― Fred Gipson, Old Yeller

In the movie Old Yeller, the titular dog was a Labrador Retriever/Mastiff mix. The dog who played Old Yeller was named Spike, and he was a rescue dog before being trained to appear in movies. The mix of breeds gave him a unique appearance that helped to make the character of Old Yeller so memorable.

More Fun Facts About Old Yeller

In celebration of this pet holiday, we’ve fetched a few interesting facts about Old Yeller so you can celebrate this timeless tale of dog devotion no matter where you live:

Old Yeller is a work of fiction, but a true tale told to Gipson by his grandfather about a dog named Rattler served as inspiration for the story.

A former shelter dog named Spike portrayed Old Yeller in the Disney dog movie. He was discovered by animal trainer Frank Weatherwax, who– by paying a $3 adoption fee– gave the Labrador Retriever/Mastiff mix a new lease on life.

Hollywood animal trainer Frank Weatherwax not only taught Spike the abilities he needed to step into the role of Old Yeller, he also trained the dog who portrayed Asta from The Thin Man film franchise. Fun Fact: Frank Weatherwax’s brother Rudd Weatherwax trained Pal, the original Lassie.

In 1957 Old Yeller’s author Fred Gipson was the recipient of the coveted Newberry Medal, which is presented annually to the best children’s literature published in the previous year.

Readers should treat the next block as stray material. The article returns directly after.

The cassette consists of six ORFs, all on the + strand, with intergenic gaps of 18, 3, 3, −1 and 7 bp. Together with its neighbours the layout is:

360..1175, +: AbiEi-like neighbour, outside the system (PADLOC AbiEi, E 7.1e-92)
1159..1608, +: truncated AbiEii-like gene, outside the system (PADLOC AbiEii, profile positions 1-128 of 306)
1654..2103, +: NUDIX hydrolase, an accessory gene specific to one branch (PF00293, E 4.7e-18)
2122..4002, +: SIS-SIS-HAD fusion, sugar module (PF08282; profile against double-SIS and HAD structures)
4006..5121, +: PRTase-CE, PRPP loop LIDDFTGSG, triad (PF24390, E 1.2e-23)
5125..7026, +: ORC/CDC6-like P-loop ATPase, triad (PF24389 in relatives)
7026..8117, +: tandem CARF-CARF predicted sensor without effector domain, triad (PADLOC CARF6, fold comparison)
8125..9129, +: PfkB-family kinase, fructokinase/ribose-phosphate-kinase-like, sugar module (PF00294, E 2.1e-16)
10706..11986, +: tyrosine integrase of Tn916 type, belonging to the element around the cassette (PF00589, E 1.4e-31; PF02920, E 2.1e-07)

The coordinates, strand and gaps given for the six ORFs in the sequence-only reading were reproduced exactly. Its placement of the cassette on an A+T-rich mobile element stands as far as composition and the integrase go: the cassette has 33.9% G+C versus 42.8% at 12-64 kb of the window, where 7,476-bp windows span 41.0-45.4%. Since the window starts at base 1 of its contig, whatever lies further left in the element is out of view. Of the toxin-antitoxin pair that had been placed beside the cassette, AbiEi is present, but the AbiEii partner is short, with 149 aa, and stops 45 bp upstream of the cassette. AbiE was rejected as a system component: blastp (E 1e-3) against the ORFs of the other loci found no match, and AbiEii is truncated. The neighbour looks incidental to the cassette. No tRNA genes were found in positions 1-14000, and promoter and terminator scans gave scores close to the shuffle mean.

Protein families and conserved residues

Fred Gipson headstone Texas State Cemetery, Austin

Fred Gipson is buried in the Texas State Cemetery in Austin. It is not unusual for visitors to leave a dog treat on his headstone.

What I mean is, things like that happen. They may seem might cruel and unfair, but that’s how life is a part of the time. But that isn’t the only way life is. A part of the time, it’s mighty good. And a man can’t afford to waste all the good part, worrying about the bad parts. That makes it all bad.

― Fred Gipson, Old Yeller

Fans of the iconic novel and its Disney adaptation can learn more about the writer who brought Old Yeller to life in his home town, where a statue of the devoted dog and his favorite human stands guard outside of the Mason County M. Beven Eckert Memorial Library.

The building houses an exhibit about the life of the author which includes old movie posters, photos and clothing that belonged to the author, and items that bring to light Gipson’s other literary offerings, from novels to articles written during his days as a journalist.

Old Yeller Statue

Old Yeller Day

Lubbock, Texas-based sculptor Garland Weeks captured the essence of Travis and his faithful canine companion in the Old Yeller statue in front of the library.

The following segment of Texas Country Reporter offers a look back at the unveiling of the Old Yeller statue:

If you ever visit Mason, be sure to stop by the library for a not-to-be missed photo opportunity!

Irie in front of Old Yeller Statue, Mason
photo opportunity in front of Mason Texas library Old Yeller